Three times in my life I’ve shopped for a casket and all the accessories that come with a funeral . Each occasion was out of need, which isn’t always the best time to make well-thought out decisions. I must’ve been more discombobulated than I thought because I didn’t journal anything about the experiences at the time.
(I did jot a few notes about Uncle Mert getting bent out of shape because he was left out of the loop . He felt he should’ve been consulted about funeral decisions [casket, flowers, etc] now that he’d inherited the role of the oldest person in the extended family. No. He wasn’t paying for anything. He just wanted to weigh in on everything. Note to self: People get a bit bonky when family dynamics change.)
So I started research for my third book. (I don’t advertise my books here, if you want to know about them email me, and I’ll help you find my pen name. )
My rather eccentric characters are dealing with end of life and old age shenanigans. Unfortunately, out of all of my real-life see-ya-in-heaven-send-offs that we had for the wingdings in my family…my recollections are fuzzy on details.
I have to say…it’s a bit more interesting to shop for a casket, when I don’t have anyone to wear it. I thought I’d pass along a few discoveries that may help you if you’re ever funeral shopping or conversation stalls out over coffee meetings.
Your only choices aren’t in the mortuary’s showroom.
You can order your caskets and urns from Costco, Wal-Mart, or direct from the manufacturer. Yes, you read that correctly. Sometimes they even have sales and discounts. They try to ship within 24 hours. Usually shipping fees are included in the price. The Federal Trade Commission’s Funeral Rule prohibits the mortuary from rejecting the shipment.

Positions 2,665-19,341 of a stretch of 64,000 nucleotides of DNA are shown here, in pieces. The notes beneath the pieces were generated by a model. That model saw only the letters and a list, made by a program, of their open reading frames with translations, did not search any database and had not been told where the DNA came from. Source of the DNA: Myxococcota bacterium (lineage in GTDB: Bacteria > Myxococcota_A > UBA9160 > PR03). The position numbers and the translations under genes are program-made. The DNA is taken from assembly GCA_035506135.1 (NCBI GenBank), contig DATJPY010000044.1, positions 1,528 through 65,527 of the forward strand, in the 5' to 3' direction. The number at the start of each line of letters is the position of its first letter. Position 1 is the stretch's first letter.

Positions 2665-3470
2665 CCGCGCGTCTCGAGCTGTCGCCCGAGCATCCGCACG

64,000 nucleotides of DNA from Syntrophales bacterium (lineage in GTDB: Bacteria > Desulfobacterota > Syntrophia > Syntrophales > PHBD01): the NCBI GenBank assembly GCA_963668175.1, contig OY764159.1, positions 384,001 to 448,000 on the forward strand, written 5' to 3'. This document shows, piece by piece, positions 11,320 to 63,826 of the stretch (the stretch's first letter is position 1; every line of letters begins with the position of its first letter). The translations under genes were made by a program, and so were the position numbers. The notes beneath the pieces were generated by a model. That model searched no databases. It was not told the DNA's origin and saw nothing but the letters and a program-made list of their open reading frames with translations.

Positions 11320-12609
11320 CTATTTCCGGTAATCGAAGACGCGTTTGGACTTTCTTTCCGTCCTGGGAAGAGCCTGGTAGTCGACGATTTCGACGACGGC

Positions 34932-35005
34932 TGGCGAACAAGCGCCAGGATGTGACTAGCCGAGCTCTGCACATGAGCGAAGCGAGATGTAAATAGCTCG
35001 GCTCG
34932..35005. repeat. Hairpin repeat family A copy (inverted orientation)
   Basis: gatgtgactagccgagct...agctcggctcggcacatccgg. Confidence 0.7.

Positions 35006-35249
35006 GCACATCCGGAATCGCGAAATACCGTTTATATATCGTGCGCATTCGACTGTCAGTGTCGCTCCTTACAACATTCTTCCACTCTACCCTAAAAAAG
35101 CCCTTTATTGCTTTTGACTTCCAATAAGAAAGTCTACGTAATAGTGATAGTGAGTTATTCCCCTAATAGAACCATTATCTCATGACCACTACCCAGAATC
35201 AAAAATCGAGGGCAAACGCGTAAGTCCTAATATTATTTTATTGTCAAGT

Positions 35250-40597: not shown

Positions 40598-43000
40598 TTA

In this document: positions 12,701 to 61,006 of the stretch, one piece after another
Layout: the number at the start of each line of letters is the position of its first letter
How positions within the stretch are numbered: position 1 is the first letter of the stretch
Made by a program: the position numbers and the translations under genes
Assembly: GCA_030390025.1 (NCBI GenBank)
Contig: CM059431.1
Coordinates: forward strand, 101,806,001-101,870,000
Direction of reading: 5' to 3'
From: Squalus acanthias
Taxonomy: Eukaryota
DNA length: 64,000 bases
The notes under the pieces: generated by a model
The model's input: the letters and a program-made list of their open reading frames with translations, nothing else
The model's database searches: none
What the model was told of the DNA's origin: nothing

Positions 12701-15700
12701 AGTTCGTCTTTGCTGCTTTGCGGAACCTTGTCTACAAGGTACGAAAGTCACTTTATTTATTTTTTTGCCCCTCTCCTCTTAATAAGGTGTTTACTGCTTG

Can you take home delivery? Why, yes you can. If you’re not planning on using it for a few years, storage is up to you.
BUT WAIT! Don’t get all excited and start spending the money you’ll save on your funeral while you’re still alive. Costco only delivers to 37 states. WalMart delivers to even fewer, and not all zip codes. You may need to move to a different part of the country before you exit this earth in order to get a good deal.
I Think I’ll Just Rent
For a reduced fee, you can get a specially made Rental casket: a fancy box around a simple inner container. Think of it like an apartment. The walls stay, but the tenants keep changing. It’s suitable for viewing. It should please even Uncle Mert (in case you didn’t get his opinion about the coffin beforehand.)
They Aren’t Just Ashes Anymore
I was discussing the subject of death and burials at a recent gathering and a friend confessed that her Granddad’s cremains had been in a desk drawer for the last 10 years. They just hadn’t gotten around to scattering him yet. Which opened the door to numerous true confessions. A lot of ashes hadn’t ended up where they were intended.
Now, in the 21st Century, ashes can be put to good use besides fertilizer and mantle decor. They can be pressured into a diamond. Added to an underwater reef. Or they can be shot by satellite into Earth orbit, or the lunar surface, or deep space. The next launch is June 21st…so hurry and get your ticket. The literature says you can “help make the dream of spaceflight a reality” (Nevermind, the dream actually ended when the person stopped dreaming and died.)
Which brings us to the last piece of interesting advice…
Ignore anyone at the mortuary (or your Uncle Mert) who Tells You… “This is the last thing you can do for your loved one.”
I had to think about this for a moment and finally realized:
They’re gone. They don’t know if I built a monument or if I divvied up the ashes among all family member so everyone could finally have a piece of them. If I’m really honest, I’m doing it for me. If I’m actually going to do something for the dead…
I Need to Do It While They’re Still Living.
That kind of puts it all in perspective, doesn’t it? All the blogging, writing, gardening, eating, traveling….
All the little pieces—some jagged, some smooth—that make life (not death) shouldn’t be put off.
So, excuse me. I’m going over to spend time with Uncle Mert. I want to tell him about a Lutheran pastor who loved fireworks so much, he asked his son to load his cremains into one.
According to USA Today “the burst should be a trail of sparks and at the end of each comet trail, there will be a little cross-shaped burst.”